Audience reaction for January

Well our first screening of the new year, and our introduction to Jamie and Woody as programmers  seems to have been quite the success. The feature scored consistently high, and both shorts achieved precisely what I want from the shorts: polorised opinion. There were hardly any ‘3’ ratings, people either loved them or…. didn’t. This means we’re succeeding in playing shorts that can challenge and illustrate the different approaches film can take.

Remember that February won’t see a screening at Armley Mills, as we are urging our audience to get down to Leeds Film’s February Favourites. Also during February, we’ll be having our first members’ meetup, which I’m really excited about, as I don’t get enough chance to chat on screening night. If you’re interested in this, or the rest of our membership offering, check out the Membership page.

And the results are…

As usual, ratings are calculated as a a straight up mean average (4 decimal points). Below the ratings, you can find statements from the programmers themselves, commenting on the reaction to their selections.

C.R.A.Z.Y (Jean-Marc Vallée, 2005) – 4.2857

This being my first piece of programming for Minicine I was a bit nervous about how it would go down. Looking at the scorecard results I’m thrilled by the audience reaction; it’s really heartening to see so many 5s and even more so to see my ex Canadian Film Professor (Rachel Killick) at the screening.

A few people came up to me at the end and said they really loved C.R.A.Z.Y and would be interested in seeing more French-Canadian cinema, well as luck would have it there is a Facebook group and community cinema organisation called Rediscovering Canada that regularly screens such fare at Leeds University. Check out their Facebook page for general discussion and details of upcoming events.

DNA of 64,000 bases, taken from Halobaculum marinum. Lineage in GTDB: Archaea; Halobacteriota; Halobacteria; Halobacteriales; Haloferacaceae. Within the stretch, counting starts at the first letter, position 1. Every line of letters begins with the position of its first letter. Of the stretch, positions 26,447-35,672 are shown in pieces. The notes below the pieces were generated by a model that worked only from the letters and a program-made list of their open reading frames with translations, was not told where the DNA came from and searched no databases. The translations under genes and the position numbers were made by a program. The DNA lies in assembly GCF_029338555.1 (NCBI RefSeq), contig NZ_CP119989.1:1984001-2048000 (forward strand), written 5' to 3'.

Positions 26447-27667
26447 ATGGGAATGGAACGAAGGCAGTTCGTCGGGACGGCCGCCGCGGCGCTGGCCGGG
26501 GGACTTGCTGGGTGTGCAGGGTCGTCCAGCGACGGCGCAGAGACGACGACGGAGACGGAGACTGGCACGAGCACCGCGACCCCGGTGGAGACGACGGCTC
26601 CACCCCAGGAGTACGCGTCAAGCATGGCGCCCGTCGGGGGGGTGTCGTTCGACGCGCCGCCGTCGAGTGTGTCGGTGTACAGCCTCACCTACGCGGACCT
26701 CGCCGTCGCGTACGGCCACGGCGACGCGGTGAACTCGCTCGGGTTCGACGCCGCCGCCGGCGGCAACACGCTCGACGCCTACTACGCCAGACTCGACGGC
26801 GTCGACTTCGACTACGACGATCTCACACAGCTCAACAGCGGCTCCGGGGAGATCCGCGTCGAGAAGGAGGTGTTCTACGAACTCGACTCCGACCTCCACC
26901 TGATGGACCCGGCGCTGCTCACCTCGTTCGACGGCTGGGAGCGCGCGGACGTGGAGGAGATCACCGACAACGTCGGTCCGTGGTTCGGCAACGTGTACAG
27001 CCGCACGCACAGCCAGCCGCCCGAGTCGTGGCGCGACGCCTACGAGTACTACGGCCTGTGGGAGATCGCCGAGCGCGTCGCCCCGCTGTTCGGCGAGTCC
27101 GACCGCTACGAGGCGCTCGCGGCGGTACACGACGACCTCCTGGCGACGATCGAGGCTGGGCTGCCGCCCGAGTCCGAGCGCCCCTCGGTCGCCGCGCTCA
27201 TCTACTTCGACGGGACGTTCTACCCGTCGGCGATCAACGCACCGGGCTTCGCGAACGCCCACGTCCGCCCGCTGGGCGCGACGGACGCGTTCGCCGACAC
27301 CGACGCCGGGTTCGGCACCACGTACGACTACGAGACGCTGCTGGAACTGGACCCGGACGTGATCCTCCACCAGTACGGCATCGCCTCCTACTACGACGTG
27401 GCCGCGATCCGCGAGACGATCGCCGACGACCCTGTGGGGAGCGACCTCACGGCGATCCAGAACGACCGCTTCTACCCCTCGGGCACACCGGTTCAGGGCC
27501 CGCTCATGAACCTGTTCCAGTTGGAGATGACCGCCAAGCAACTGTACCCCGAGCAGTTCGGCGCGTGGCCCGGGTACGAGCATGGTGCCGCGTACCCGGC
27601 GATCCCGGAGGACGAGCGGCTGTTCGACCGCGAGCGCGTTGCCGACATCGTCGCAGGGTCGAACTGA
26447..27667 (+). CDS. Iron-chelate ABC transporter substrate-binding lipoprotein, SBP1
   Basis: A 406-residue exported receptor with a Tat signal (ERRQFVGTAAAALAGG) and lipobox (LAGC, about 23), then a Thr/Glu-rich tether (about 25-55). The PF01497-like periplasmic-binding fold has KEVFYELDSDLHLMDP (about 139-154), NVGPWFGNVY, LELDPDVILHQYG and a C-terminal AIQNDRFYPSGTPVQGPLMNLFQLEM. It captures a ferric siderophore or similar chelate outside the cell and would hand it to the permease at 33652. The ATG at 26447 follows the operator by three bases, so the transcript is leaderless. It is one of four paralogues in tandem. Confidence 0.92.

– Jamie

 Symmetry (Everynone) – 3.5357

Un Tour De Manége (Alexis Liddell et al) – 3.1071

Are they too long? Are they too short? Do they set the right tone? Do they complement the feature? What if the audience hates them? What do they say about me as a person and, more importantly, as a film programmer?

These were just some of the thoughts and worries going through my head when selecting this month’s shorts, but judging by the results of the Minicine audience’s scorecards I don’t think I had any reason to worry. Some liked them, some didn’t. Some liked one, some liked the other. At the end of the day everyone and their taste in film and cinema is different, which I think is going to make for exciting times in the Minicine Short Film Programming Department (™) moving forward.

In the coming months I hope we can bring you further examples of what can be done with short films and how different they can be to their big brothers and sisters, the more widely seen features.

– Woody

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